Q: What on earth does it mean to "harden" a plant? A: It is gardeners' slang for helping an indoor plant to adapt itself to outdoor weather. The same techniques are used for plants grown in a greenhouse or bought at a nursery. The leaf surfaces of plants are delicate if they have always been warm, have never felt wind, have never seen bright sun. Amazingly, plants can toughen their leaves to adjust to weather, but they cannot do so instantly. It is as if the plant grows itself a jacket, and the...

  • Basil and fertilizers

    Molly Hackett|May 2, 2019

    Q: I love basil and would like to grow my own but I need some instructions. Also, once I have basil plants outdoors, will I have to protect them from deer? A: Basil is easy enough to grow, once you know its likes and dislikes. And yes, you need to cover the basil plants or surround them with netting all summer long. Deer may not love basil more than you do but they do consider it a delicacy. Because basil came from the Mediterranean, it likes warm weather. It may fold itself up and die if it is...

  • Sprinkler woes and when to start planting

    Molly Hackett|Apr 4, 2019

    Q: Watering always is a problem for us. We hand water some raised beds but that doesn't work if we are going to be gone for several days. If we use sprinklers with timers, we end up watering areas that aren't part of the garden. That promotes weeds. We have tried drippers and found them unreliable. Sometimes they put out way too much water, and sometimes they plug up. Soaker hoses are hard to install and they start plugging up after a year of use. Is there a better method? A: If there is, I...

  • Raised bed and path woes

    Molly Hackett|Mar 7, 2019

    Q: We are starting our first garden of raised beds in Seeley Lake. How much do we have to worry about soil contaminants in our garden beds? Is there some way to keep the soil in good health from year to year? A: It has been said that if a gardener takes care of the soil, the rest of the garden will take care of itself. The soil is where everything starts. The dirt is full of living organisms--billions of them in every teaspoonful. Yes, that is right. There are billions of fungal spores,...

  • Lilac

    Molly Hackett|Sep 6, 2018

    Why do the leaves of my French lilac fold up? It lives outside the garden fence, in full sun, in rocky soil which we have not improved as we did the garden soil. It has small leaves and double dark purple flowers. We do water it regularly. When a plant folds its leaves, it is defending itself from some kind of stress. In this climate, the common stresses are lack of water and cold weather (usually, but not necessarily, in winter). Your French lilac is probably trying to hang onto as much of its...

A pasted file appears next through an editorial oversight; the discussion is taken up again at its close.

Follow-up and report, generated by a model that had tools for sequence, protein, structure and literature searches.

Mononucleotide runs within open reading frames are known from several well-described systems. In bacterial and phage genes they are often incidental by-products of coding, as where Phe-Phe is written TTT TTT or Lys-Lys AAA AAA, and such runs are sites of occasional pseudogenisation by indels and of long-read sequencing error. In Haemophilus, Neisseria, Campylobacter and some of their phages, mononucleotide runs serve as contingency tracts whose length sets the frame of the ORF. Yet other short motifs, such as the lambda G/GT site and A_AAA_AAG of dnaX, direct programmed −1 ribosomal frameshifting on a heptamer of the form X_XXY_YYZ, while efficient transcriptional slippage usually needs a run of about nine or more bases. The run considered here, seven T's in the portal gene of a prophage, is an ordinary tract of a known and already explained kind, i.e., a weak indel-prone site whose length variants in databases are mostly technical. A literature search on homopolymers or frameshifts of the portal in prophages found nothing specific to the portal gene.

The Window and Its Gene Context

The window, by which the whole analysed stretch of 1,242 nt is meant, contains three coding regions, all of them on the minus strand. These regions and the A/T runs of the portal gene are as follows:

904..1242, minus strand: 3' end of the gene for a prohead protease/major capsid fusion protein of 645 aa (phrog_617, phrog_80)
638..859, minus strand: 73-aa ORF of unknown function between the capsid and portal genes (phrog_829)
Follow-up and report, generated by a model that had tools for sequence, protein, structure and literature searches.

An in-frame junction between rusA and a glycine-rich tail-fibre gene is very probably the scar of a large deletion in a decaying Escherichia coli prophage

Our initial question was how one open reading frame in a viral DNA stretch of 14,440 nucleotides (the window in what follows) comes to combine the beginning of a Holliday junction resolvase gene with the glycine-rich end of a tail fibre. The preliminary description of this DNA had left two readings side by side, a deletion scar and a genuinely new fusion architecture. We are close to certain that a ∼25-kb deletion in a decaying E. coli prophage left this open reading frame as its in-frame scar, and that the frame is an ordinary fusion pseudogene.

• Mint

    Molly Hackett|Aug 2, 2018

    Q: Clover has invaded my bed of mint and is choking out the mint. Is there any way to eliminate the clover and save the mint? A: You could dig out the clover, but that strikes me as solving the problem in the hardest way possible. If it were my mint, I would simply start a new bed in a clover-free spot. If you transplant a few young stems of mint, a plentiful supply will have grown by next summer. Because mint has a shallow root system, the digging will not be hard work. If the soil is damp, it...

  • Pototoes

    Molly Hackett|Jul 5, 2018

    Q: Even though I knew better, I planted my potatoes only two inches deep. Should I pile dirt around them to protect them? A: To protect the developing potatoes from growing at the surface and being exposed to light, yes. As you know, if daylight reaches the surface of potatoes, they will turn green and taste bitter. Even more important, piling dirt around the stems will increase the size of your harvest. Since no potato can grow deeper than the seed potato which was planted, your plants can...

  • Purslane

    Molly Hackett|Jun 7, 2018

    Q: My vegetable garden has been invaded by purslane. What should I do? Hoe it? Leave it to cover the paths? How can I keep it out of the plants? A: Purslane--that flat succulent weed which grows to enormous circles, and has small yellow flowers in midsummer--is an annual, like most other garden weeds. Like all annuals, purslane can appear next year only if its seeds are in the ground, ready to sprout. Eliminate its seeds and it will be gone. However, purslane seeds are not the easiest to...

  • Planting

    Molly Hackett|May 3, 2018

    Q: With our winter that won't stop, what would you suggest about planting dates for the vegetable garden? Our average date for last frost is June 10. A: If there is one constant about Montana weather, it is its inconstancy. I would ignore the weather of last winter and proceed onward, assuming that this summer's gardening weather and last winter's snows have no connection. If it were my garden, I would plant vegetables on the usual schedule--provided that the ground has thawed by then, of...